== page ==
CALGARY — Spruce Meadows is the New York City of show jumping according to veteran Canadian rider Ian Millar. As the song says, if you can make it there, you’ll make it anywhere.
The equestrian venue in southwest Calgary marks its 40th year of international show-jumping competition with the annual National Tournament starting Wednesday.
“It’s only 40? Feels like 110,” Millar joked Tuesday outside the barns.
Spruce Meadows, founded in 1975 by Ron and Marg Southern, has become a fixture for the world’s best competitors and horses. Riders representing 57 countries have earned $110 million in prize money there since the park opened four decades ago.
Millar, 68, who has represented Canada at the Olympic Games a record 10 times, says Spruce Meadows prepared him and other Canadian riders over the years to excel on the world stage.
“They’ve done incredible things for the sport in Canada and for our international success,” Millar said. “What we have found over the years is if we can be competitive here, it doesn’t matter where we go in the world. We’re ready to go.
“Before Spruce Meadows, it was never that way. We jumped around Canada and then we’d go outside of Canada and it was a great shock. Now, it’s no shock at all because this is absolutely world-class. It is arguably the finest facility in the world, which is an amazing thing for Canada and Alberta.”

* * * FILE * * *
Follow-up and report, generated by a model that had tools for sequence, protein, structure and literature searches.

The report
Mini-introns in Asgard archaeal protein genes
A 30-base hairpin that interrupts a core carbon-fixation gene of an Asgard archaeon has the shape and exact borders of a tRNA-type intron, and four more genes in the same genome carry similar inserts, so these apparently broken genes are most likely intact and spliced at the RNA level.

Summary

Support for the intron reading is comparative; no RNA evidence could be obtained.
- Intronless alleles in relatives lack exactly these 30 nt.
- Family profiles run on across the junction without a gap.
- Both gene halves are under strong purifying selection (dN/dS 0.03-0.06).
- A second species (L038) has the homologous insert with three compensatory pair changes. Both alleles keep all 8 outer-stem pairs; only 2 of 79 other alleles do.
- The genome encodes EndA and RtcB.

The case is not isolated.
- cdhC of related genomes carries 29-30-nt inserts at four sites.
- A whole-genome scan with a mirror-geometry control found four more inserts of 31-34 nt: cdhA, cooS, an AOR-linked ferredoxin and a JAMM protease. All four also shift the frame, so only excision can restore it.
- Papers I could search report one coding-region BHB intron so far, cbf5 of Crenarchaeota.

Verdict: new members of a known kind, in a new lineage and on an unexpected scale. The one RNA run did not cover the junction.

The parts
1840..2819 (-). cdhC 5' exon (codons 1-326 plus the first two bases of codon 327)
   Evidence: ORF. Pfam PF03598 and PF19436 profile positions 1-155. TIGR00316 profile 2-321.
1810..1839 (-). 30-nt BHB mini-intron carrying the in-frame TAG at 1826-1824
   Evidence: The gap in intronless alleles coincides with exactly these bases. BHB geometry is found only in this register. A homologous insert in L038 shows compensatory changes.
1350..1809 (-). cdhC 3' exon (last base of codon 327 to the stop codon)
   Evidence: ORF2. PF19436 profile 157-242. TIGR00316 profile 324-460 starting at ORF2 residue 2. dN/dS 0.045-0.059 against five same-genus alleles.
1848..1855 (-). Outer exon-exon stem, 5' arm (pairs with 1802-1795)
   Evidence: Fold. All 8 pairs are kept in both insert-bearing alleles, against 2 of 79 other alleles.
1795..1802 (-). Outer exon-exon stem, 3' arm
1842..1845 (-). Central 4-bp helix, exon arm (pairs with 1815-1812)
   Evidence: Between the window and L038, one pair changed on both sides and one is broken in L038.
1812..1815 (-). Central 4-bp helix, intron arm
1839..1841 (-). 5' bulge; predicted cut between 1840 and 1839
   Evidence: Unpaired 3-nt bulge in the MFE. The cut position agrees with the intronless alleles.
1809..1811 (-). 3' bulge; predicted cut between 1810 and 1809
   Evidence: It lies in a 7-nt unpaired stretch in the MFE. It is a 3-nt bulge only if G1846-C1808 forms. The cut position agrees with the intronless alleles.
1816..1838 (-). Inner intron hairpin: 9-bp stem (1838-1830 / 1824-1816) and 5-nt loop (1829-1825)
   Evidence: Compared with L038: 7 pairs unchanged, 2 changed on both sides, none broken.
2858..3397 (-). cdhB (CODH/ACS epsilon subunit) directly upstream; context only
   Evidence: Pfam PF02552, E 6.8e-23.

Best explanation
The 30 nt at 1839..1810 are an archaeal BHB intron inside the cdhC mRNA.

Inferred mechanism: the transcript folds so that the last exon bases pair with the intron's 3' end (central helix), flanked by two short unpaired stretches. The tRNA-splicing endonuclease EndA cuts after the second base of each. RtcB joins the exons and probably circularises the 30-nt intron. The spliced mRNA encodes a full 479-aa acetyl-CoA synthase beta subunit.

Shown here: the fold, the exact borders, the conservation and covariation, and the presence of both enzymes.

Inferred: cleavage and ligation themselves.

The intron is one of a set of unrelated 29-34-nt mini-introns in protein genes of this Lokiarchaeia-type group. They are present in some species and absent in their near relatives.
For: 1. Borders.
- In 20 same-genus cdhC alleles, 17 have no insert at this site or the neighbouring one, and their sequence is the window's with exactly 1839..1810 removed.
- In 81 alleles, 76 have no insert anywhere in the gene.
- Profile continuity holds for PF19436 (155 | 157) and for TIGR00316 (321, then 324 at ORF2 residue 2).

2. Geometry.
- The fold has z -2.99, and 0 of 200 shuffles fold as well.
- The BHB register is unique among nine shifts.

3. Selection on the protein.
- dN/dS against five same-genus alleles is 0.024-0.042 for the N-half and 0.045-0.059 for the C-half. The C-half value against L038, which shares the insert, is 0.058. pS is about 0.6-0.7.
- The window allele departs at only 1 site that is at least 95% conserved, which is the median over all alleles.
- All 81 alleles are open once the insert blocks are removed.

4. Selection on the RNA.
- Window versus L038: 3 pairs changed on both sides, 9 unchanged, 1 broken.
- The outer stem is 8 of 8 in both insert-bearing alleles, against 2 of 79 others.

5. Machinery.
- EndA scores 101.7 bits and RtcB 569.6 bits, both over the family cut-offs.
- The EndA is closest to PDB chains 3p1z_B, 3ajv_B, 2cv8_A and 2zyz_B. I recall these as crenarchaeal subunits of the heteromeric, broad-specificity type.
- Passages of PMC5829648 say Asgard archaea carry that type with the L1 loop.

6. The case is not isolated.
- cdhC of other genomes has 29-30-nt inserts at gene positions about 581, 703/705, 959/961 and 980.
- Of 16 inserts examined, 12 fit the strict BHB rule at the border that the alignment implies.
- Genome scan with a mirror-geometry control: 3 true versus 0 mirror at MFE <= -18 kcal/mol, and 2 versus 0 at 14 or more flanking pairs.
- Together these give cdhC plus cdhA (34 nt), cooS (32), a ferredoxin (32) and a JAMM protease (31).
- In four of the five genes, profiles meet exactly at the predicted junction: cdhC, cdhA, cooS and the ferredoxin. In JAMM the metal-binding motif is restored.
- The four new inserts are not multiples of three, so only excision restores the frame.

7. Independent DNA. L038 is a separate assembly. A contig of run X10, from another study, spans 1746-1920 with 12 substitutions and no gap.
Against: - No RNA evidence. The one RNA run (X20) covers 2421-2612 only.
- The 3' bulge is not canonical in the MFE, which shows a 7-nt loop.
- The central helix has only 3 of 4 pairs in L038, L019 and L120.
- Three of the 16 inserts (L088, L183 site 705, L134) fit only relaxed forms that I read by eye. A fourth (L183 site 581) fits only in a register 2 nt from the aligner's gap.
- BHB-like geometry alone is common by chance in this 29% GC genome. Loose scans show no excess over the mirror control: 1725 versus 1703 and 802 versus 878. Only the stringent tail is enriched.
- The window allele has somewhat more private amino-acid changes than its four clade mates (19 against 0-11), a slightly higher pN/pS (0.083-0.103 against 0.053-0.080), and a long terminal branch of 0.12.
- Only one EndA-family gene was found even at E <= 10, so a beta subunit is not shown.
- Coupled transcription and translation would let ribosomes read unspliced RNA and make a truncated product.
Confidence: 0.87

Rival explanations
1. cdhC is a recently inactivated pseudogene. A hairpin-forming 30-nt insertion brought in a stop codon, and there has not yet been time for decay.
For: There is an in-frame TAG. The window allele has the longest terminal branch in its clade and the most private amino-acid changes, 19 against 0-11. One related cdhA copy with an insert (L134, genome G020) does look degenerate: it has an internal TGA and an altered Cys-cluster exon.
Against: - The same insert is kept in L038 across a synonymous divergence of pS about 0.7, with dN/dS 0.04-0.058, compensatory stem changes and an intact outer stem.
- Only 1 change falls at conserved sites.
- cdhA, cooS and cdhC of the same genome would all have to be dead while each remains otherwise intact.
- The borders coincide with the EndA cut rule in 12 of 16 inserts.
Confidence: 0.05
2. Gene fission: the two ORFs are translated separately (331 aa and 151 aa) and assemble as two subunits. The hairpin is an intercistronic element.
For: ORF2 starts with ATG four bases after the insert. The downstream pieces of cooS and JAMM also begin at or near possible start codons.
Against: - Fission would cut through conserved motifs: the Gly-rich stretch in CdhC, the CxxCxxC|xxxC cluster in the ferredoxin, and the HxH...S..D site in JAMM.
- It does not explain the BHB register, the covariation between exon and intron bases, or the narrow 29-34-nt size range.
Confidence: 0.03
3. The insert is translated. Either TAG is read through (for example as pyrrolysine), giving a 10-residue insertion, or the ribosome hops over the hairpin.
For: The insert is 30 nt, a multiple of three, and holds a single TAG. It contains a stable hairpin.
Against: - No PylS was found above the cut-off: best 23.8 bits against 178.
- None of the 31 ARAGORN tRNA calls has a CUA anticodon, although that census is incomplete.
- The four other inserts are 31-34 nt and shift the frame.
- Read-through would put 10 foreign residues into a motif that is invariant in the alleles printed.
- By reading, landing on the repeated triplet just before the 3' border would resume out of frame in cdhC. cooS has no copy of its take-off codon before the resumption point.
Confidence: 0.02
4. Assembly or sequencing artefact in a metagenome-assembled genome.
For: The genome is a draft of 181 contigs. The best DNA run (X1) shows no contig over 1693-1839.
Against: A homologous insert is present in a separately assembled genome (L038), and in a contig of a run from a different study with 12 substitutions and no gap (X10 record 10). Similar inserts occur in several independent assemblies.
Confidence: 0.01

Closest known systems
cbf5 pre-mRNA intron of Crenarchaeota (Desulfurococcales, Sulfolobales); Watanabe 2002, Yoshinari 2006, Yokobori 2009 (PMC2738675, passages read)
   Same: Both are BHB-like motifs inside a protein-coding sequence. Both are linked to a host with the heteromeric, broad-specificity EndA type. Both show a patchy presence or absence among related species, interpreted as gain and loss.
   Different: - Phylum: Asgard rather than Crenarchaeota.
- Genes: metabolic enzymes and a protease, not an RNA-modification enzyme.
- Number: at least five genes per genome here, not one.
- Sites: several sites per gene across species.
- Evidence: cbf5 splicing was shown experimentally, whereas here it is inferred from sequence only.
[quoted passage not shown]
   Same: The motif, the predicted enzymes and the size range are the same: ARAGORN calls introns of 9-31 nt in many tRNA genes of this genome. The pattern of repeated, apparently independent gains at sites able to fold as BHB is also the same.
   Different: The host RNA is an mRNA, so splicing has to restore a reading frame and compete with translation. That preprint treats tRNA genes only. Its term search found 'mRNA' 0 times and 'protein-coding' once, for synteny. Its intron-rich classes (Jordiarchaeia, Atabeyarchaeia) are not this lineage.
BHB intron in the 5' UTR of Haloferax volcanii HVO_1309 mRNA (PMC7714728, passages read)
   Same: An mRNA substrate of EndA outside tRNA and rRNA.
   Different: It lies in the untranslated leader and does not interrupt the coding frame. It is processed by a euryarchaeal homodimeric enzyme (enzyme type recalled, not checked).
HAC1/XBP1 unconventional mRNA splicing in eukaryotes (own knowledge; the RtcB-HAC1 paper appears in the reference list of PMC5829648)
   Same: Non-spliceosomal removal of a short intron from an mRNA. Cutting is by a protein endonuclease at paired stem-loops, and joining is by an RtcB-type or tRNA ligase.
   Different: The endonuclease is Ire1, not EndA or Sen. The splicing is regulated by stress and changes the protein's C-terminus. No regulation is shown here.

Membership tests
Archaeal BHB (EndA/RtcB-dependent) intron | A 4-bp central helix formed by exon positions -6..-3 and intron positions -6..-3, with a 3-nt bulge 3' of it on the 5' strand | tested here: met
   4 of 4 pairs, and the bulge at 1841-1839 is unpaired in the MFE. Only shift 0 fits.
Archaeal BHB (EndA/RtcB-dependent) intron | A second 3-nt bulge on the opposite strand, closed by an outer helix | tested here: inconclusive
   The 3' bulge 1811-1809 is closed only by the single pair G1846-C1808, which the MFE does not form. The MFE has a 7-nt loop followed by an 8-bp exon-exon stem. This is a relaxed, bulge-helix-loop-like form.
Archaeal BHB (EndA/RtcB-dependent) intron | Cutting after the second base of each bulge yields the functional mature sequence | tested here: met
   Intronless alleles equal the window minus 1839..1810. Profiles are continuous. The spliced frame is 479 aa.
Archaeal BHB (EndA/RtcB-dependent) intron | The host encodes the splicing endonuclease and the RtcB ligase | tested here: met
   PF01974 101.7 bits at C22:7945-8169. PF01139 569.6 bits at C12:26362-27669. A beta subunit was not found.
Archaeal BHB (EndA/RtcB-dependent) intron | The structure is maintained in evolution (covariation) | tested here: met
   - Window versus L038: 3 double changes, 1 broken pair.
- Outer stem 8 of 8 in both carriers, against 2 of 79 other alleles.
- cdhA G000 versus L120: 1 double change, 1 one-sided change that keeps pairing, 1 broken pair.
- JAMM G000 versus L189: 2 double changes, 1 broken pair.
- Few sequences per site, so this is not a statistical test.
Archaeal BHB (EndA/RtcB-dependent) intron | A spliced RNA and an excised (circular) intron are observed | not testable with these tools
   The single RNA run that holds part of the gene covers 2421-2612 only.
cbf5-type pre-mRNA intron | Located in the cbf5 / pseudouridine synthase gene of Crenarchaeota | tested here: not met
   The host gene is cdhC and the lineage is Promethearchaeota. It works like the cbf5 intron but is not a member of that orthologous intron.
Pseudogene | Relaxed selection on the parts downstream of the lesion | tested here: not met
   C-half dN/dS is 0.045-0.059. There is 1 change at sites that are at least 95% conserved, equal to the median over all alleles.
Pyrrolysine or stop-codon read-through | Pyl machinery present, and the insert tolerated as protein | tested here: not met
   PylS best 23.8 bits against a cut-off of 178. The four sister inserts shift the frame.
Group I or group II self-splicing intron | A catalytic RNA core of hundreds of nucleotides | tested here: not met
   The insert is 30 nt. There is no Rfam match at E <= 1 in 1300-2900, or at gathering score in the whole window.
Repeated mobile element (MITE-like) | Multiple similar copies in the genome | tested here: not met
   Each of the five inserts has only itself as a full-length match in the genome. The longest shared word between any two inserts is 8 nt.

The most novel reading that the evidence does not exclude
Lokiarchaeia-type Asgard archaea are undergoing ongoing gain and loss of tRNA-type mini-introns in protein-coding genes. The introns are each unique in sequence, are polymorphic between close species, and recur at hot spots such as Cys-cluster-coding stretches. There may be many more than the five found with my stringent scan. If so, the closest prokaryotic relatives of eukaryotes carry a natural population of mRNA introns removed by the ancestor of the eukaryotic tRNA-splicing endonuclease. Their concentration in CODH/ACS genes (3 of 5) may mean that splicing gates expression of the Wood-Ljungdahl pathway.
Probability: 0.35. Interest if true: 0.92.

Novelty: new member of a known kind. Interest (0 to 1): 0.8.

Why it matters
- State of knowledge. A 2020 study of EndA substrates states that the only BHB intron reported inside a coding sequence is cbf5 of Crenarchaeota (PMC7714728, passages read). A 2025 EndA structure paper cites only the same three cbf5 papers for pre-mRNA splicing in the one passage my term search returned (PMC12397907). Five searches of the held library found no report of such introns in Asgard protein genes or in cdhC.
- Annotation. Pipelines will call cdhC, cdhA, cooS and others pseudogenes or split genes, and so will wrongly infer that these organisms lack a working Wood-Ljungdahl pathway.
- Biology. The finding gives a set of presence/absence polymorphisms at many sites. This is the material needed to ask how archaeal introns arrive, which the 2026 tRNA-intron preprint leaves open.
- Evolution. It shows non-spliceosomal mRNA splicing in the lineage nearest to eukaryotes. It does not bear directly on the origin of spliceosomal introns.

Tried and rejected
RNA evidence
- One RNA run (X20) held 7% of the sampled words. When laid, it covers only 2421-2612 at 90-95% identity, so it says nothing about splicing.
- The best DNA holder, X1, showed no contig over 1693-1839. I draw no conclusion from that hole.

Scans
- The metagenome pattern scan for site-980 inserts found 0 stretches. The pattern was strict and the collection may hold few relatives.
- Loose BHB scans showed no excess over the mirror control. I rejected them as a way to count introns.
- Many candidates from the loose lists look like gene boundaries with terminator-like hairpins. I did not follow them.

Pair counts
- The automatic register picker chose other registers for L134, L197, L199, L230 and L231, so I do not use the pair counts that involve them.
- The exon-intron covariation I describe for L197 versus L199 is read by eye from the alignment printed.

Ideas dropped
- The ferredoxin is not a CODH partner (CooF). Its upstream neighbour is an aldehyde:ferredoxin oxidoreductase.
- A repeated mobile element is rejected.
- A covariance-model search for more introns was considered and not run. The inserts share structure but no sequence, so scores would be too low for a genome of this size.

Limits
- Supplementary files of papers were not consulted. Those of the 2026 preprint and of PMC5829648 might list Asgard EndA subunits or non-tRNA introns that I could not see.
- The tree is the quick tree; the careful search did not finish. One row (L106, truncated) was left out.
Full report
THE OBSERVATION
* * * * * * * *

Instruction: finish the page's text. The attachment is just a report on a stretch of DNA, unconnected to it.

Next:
According to Spruce Meadows records, Canada has won a combined 23 medals at the Olympic Games, Pan American Games, World Cup finals and world championships since the facility opened.
Eric Lamaze won individual Olympic gold and joined Millar, Jill Henselwood and Mac Cone to earn team silver in 2008 in Beijing. Millar has won nine Pan American Games medals, including three gold, in as many appearances.
The $1.2-million National Tournament kicks off Spruce Meadows’ competitive season, which concludes in September with the $2.8 million Masters.
Lamaze, of Schomberg, Ont., is the leading career money winner at Spruce Meadows with $4.2 million followed by American Beezie Madden at $3.67 million and Millar, of Perth, Ont., with $3.59 million.
Those three are among the riders competing this week. The most lucrative class is Saturday’s RBC Grand Prix worth $400,000 and with jump heights of 1.6 metres. Millar has won the Grand Prix nine times over his career.
His previous appearance at Spruce Meadows was particularly memorable. Miller won the $1.5 million CP International at the Masters aboard Dixson last September.
It was Millar’s first victory in that event since winning it in 1987 and 1991 with Big Ben.
“Winning the CP Grand Prix, it’s one of the toughest in the world,” Millar said. “Big Ben won it twice and Dixson won it and the two are related on the mother line.
“It’s storybook really.”
Donna Spencer, The Canadian Press